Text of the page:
Is there a link between dermatoglyphics and the Frankl behavior rating scale in the paediatric dental setting: A pilot study

Original Research

Contemp Pediatr Dent 2022:3(2):73-79


Is there a link between dermatoglyphics and the Frankl behavior rating scale in the paediatric dental setting: A pilot study

OrcidShital Kiran D. P.1✉, Orcid Snehal M Ahire2, Orcid Vinay Mulchandani3 , Orcid Vikram Jhamb4, Orcid Mira Jani5 , Orcid Aum Joshi6

Affiliations

1. Professor and Head, Department of Pediatric and Preventive Dentistry College of Dental Sciences, India ( Correspondence: drskiran@gmail.com)
2. Post graduate student, Department of Pediatric and Preventive Dentistry College of Dental Sciences, India
3. Reader, Department of Pediatric and Preventive Dentistry College of Dental Sciences, India
4. Reader, Department of Pediatric and Preventive Dentistry College of Dental Sciences, India
5. Senior Lecturer, Department of Pediatric and Preventive Dentistry College of Dental Sciences, India
6. Senior Lecturer, Department of Pediatric and Preventive Dentistry College of Dental Sciences, India


Highlights

Children who had fingerprints with the loop or whorl patterns were more likely to receive negative and positive evaluation of Frankl’s behaviour, respectively.

After determining the anticipated Frankl’s behaviour rating scale via dermatoglyphics, the pediatric dentist can plan the behaviour management techniques well in advance.

The pediatric dentist will benefit from knowing the anticipated child’s behaviour pattern prior to the initial dental visit.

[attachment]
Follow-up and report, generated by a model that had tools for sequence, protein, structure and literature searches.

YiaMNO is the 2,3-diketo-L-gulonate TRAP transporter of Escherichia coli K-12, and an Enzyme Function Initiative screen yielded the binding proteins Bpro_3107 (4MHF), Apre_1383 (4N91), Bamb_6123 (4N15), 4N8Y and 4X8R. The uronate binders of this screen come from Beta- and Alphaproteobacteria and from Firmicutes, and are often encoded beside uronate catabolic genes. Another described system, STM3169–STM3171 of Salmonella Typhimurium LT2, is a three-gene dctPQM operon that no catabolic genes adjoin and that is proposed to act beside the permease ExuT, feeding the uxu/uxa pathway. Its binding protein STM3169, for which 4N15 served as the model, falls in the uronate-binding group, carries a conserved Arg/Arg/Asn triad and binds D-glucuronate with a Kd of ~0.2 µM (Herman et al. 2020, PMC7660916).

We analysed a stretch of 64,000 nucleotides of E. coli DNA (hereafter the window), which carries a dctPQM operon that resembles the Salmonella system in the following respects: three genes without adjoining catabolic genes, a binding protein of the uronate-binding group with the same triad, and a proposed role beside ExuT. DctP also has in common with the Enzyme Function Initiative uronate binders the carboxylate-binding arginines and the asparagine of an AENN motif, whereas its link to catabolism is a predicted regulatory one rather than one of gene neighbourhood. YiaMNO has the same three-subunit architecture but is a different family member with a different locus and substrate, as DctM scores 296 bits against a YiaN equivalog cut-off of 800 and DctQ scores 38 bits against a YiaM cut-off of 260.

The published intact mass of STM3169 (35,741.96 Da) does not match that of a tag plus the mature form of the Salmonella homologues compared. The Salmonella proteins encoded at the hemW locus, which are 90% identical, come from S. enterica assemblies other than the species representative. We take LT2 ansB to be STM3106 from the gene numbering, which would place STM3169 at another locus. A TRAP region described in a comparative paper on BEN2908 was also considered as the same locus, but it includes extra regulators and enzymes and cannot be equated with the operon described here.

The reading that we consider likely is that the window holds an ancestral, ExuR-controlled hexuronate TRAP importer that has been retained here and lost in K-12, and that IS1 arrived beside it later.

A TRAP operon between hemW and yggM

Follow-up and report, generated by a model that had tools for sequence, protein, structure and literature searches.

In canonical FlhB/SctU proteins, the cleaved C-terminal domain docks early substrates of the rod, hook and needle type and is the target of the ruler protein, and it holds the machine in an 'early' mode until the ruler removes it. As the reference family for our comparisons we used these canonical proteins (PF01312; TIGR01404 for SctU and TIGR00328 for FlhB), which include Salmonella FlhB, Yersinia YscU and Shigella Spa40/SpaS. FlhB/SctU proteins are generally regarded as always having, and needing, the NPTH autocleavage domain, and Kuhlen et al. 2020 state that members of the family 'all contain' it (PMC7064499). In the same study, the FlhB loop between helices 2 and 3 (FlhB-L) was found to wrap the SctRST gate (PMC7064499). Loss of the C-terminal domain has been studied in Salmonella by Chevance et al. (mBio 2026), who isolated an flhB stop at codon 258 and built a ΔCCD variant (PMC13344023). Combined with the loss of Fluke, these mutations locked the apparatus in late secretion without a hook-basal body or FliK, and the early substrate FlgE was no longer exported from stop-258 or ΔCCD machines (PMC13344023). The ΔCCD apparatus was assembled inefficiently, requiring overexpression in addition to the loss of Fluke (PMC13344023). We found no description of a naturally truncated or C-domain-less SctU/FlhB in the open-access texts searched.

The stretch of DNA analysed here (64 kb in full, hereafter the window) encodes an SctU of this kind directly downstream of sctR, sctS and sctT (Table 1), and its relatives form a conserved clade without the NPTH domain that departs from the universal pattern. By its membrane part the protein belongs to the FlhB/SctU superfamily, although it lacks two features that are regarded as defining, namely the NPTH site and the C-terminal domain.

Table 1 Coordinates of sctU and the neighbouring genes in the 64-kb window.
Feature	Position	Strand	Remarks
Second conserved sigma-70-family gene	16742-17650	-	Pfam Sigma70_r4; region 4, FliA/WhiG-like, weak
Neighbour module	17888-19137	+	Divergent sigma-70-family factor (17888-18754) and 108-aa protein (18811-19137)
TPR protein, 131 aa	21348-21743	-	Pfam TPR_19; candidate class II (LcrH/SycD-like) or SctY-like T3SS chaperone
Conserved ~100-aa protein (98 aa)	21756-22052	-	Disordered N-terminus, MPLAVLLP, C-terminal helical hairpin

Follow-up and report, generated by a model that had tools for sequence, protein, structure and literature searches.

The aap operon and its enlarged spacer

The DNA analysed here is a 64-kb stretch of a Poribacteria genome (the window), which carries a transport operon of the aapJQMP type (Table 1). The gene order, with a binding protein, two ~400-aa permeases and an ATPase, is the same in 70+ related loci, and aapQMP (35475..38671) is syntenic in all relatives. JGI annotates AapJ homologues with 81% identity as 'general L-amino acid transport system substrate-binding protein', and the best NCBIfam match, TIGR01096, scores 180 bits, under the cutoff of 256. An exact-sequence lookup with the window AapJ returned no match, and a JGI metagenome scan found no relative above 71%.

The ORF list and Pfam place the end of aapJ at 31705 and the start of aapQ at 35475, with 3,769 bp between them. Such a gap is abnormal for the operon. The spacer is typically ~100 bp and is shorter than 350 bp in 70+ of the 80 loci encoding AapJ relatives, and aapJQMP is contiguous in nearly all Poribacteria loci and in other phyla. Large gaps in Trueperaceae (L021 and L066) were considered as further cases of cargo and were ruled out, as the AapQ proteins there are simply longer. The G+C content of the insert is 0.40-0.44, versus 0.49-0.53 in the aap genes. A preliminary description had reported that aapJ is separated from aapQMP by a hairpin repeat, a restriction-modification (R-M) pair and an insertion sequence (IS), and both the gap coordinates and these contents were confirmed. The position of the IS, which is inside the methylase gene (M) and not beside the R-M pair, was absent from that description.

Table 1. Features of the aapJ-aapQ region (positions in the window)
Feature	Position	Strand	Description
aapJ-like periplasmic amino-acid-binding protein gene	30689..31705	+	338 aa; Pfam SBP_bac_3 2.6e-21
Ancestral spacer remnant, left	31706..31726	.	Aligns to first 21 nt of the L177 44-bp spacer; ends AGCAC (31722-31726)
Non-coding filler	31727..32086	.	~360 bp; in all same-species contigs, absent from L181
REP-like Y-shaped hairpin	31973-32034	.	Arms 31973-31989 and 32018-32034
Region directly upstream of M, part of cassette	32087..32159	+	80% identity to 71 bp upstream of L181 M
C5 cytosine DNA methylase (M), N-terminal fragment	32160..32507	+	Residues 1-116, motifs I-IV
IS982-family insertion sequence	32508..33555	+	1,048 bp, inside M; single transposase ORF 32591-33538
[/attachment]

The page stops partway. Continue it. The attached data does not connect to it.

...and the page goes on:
Abstract

Aim: Dermatoglyphics appears during the 12th and 13th weeks of pregnancy and persists throughout life. Fingerprints are blueprints for one’s personality; they can provide information about one’s perception, emotions, intellect, and motivation. Dermatoglyphic is a non-invasive and low-cost method of obtaining illness information. The aim of this study was to see if there was a link between distinct fingerprint patterns and Frankl’s behavior rating scale in children aged 6 to 12. Methods: A total of 52 participants between the ages of 6 and 12 years old received dental procedures and were scored using Frankl’s behavior rating scale. Children were divided into three groups: Group 1: Whorl, Group 2: Loops, and Group 3: Arches. After scanning fingerprints of 10 fingers with a SecuGen Hamster Pro 20 biometric finger scanner, the resulting fingerprint pattern types were compared to Frankl’s behavior rating scale. Results: Many non-cooperative participants had loop pattern fingerprints (46.4%), while most cooperative participants had whorl pattern fingerprints (58.3%). Conclusions: Children with a loop pattern fingerprint were more likely to receive a negative assessment. On the other hand, children with whorl patterns were more common among the positive participants.

Keywords: Behavior Rating Scale; Dermatoglyphics; Pediatric Dentistry


Copyright © 2022 Contemporary Pediatric Dentistry

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Full Text


DOI

10.51463/cpd.2022.105


Views

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Article Info

Received:

09 March 2022

Accepted:

14 August 2022

Online First:

21 August 2022